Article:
Believe it or not, the Internal Revenue Service is not the only government agency that taxes you. In fact, even state governments tax you and send you a check! The reason for this is because state income tax rates are different from federal tax laws. Although federal tax laws receive the majority of the press, they really only reveal half of the story. Your state tax payments are just as important and usually must be submitted on the same day as your federal tax return.
While state income tax laws mirror the federal code, there can be significant key differences between each jurisdiction that are important to understand before you begin the process of filing your actual federal tax return. First of all, you must know what your state and local governments require you to do when it comes to filing your federal tax return. In some states, you must electronically file your return or hand-deliver paper forms to the IRS. In other states, you must mail or deliver forms to the IRS. Keep in mind that these differences are also affected by what types of income you have.
In addition to state tax laws affecting your federal tax return, you may also want to understand which forms you need to file with the IRS, and what types of documents you will need to provide with them. For instance, you will likely need to attach a pay stub or an electronic statement showing you’re employed, so you may want to include this on your federal tax return.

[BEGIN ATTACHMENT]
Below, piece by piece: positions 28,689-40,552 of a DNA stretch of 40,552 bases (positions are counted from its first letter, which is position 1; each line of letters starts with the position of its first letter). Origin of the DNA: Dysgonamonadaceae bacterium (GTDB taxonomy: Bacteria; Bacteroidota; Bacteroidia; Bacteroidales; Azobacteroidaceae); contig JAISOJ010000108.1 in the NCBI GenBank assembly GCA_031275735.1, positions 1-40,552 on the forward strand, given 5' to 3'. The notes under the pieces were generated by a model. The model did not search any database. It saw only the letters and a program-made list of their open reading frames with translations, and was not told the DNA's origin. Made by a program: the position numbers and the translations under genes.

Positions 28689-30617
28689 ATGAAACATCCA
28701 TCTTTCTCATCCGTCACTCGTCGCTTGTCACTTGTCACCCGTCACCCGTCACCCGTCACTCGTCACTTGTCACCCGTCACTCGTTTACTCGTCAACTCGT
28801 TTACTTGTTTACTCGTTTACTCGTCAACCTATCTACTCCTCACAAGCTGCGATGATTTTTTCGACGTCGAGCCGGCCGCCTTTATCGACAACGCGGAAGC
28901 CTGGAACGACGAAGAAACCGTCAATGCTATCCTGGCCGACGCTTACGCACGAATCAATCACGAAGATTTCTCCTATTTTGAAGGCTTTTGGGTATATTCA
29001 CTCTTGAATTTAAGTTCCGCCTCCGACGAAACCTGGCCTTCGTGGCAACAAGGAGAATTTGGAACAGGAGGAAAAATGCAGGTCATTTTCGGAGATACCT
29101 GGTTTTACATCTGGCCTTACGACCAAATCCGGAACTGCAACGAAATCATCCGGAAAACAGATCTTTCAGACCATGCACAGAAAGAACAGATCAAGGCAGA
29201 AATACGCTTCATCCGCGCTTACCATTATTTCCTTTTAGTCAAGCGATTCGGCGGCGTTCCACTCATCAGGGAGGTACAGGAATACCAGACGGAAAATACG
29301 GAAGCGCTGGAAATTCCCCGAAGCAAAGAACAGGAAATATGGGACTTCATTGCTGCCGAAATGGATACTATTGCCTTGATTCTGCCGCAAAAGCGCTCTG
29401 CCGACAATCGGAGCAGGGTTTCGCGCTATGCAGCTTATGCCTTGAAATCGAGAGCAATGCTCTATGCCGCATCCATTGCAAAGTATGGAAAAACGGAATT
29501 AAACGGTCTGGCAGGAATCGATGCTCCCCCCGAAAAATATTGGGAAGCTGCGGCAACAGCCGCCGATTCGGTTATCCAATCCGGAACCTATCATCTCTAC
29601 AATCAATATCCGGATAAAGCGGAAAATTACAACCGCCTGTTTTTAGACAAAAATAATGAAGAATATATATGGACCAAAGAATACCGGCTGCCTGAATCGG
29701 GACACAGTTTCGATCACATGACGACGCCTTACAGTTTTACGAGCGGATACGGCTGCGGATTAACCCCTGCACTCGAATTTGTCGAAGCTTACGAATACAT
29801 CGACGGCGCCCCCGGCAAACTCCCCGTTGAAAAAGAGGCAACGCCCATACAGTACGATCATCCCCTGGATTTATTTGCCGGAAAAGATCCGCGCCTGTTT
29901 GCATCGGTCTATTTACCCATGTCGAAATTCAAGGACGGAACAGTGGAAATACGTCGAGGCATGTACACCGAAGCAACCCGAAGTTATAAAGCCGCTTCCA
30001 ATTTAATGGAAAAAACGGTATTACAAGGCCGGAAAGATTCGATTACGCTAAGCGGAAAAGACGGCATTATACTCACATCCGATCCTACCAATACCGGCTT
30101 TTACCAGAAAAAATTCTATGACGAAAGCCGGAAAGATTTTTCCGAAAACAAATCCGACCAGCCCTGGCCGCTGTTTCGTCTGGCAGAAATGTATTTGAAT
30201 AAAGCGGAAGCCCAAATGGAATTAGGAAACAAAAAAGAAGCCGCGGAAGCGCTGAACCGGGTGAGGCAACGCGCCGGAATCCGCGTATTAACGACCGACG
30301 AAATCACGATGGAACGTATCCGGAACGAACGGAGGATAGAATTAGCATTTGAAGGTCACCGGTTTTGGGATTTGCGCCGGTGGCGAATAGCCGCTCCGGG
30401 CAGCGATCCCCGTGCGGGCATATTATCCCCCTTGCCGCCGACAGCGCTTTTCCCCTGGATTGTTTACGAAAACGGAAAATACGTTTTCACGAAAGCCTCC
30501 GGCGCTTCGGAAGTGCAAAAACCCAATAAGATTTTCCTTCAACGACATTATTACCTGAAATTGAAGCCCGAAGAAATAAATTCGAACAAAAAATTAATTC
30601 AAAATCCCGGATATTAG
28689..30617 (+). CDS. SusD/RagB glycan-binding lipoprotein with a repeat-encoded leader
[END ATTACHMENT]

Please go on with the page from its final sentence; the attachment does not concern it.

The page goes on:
Even if your state has short, simple statutes that cover all the issues, the federal tax laws are still complex. For instance, you will want to read the internal revenue code as precisely as possible. It isn’t enough just to take a state-by-state approach, because the tax code is different for every taxpayer. Each state has different definitions of what it means to be “incorporated” for tax purposes. If you don’t closely read your state’s tax laws, then you are very likely to forget important facts, which will cause you problems when filing your federal return.
Federal tax laws also cover a host of issues that aren’t addressed by your state and local taxation codes, such as the tax treatment of stock dividends and capital gains. In addition, even though states differ in their definitions of married individuals, corporations are not exempt from the income tax laws. This means that if you have a business, your business income will be taxable. In addition, in the case of a corporation, corporations are considered to be “pass-through” entities, subject to the same limitations on the tax liability as personal assets. If you own shares in a corporation, even if they are personally held, they are liable for the entire corporate tax rate, said Missouri tax attorney.
If you need help with any aspect of your federal tax code, don’t delay – consult an expert. Taxpayers who let their taxes become too complicated end up hurting themselves financially. The quickest way to solve tax debt problems is to consult with a professional before taking any action. Don’t wait until you are so far in over your head that you don’t know how to get out of the hole.